Is your child getting the right amount of play?
In this digital age kids often learn to use electronics before they can read and write. I hope to be a developmental advocate because I know it is easy to forget about the important basics that help children learn, grow, and thrive. If you ask a parent they will say they love to see their child smile and hear them laugh as they play. I wonder how many parents can answer affirmatively as to whether their children are playing frequently enough and in the correct manner to aide them in their growth? I am not a therapist that believes all electronics to be bad, but I do believe kids need physical interaction, exploration, and manipulation with people and objects in their environment to learn and grow. And I am not alone in this opinion; for more information on the importance of play you can visit the American Occupational Therapy Association page about play. First let me help you understand why play is so important.
Think back to a time when your one-year-old received a new toy; for this case, a toy vacuum. Your child doesn’t know exactly what it is or how to interact with it so she must draw from experience and be willing to try exploratory play. She likely recalls seeing mommy push something similar around so she feels it is safe and has a basic idea of how to begin. She grabs the handle and figures out (with the use of her brain and senses) how to wrap her fingers around it just right to grasp it tightly. Since she is still fairly new to walking, she tries to push it and struggles to adjust her balance and body movements in relation to the vacuum. She makes it a few feet and may begin to feel success before she bumps into furniture or a wall. Although difficult to watch at times, it is important to let her figure things out on her own and she will. She pulls it back slightly then tries to push it forward again. After several repetitions she clears the obstacle. As she continues the old trial and error method to figure her way around similar obstacles, she begins to find quicker solutions. As she becomes more efficient with her new vacuum, she feels good about her accomplishment and will be more willing to play and feel that she will succeed in the future. Unbeknownst to her, and likely you, she has learned about depth perception, the pull of gravity on her body and her toy, her body’s movement in relation to itself and the object, she has gauged appropriate strength for manipulating the vacuum, etc.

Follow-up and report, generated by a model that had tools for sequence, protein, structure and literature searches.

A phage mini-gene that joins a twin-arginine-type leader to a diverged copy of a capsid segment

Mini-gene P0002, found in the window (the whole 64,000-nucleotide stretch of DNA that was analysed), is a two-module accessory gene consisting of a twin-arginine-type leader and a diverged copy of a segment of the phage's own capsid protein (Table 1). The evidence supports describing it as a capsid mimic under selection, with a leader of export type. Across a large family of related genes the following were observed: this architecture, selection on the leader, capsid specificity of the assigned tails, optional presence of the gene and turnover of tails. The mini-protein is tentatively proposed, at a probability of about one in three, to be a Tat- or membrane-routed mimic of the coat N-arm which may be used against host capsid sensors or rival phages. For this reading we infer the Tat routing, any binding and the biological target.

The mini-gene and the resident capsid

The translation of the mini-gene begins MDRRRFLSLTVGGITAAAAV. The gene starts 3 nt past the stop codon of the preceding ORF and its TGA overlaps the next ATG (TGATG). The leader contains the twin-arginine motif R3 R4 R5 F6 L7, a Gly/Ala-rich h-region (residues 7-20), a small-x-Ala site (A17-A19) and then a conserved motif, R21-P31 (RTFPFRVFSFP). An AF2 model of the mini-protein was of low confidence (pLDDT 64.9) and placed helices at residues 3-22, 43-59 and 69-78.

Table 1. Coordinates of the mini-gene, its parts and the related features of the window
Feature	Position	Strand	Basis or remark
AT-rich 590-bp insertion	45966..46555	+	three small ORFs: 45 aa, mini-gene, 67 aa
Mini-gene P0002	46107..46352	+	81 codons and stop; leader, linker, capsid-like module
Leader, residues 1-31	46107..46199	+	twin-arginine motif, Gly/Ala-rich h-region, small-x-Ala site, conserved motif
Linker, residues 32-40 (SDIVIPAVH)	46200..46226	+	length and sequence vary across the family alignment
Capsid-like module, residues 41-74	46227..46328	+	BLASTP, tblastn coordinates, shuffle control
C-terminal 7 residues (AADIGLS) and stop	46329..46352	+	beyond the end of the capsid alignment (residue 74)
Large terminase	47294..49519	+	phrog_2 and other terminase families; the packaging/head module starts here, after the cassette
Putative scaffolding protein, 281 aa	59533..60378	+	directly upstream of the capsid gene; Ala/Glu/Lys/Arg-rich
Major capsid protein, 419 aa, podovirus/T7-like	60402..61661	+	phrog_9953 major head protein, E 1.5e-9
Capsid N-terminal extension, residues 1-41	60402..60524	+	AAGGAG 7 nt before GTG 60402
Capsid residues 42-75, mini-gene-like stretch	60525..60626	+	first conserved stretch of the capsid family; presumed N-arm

Now, what can you do as a parent to help your child’s development? Learning about and exploring new things can be very rewarding. This is a major part of developing Physically, Emotionally, Socially, and Cognitively (mental process of acquiring knowledge and understanding through thought, experience, and the senses). At home you can use toys, pillows, balls, etc. to build obstacle courses so your child can try new things and learn that objects can be used in multiple ways (kick a ball, throw it, step over it, etc.). Try different playgrounds so your child experiences new equipment. Of course you will keep them safe, but let them explore and climb over, under, through, and around objects to aide in their understanding of how they can interact with their environment. Read here to learn more about the importance of play on playgrounds.
One other thing to consider is what happens if you feel your child isn’t advancing as quickly as his peers or as his siblings do? Most children play, learn, and grow at a steady rate and in a typical manner. Some kids however, may require increased opportunities, increased time, or the “just right” amount of certain types of stimulation to develop and learn. This will help them learn to control their bodies, play, gain social skills, and other childhood tasks that most children learn just from the basic opportunities afforded them. For the kiddos that struggle with everyday tasks, don’t learn from play, or otherwise have difficulties you may consider Pediatric Therapy. Keep in mind that if playing is important at home, it is also important in therapy.
Be wary of . . .
therapists that do not use play as a major modality when treating your child. Your therapist should use play and promote challenges that are attainable but push your child to learn in every play task they provide.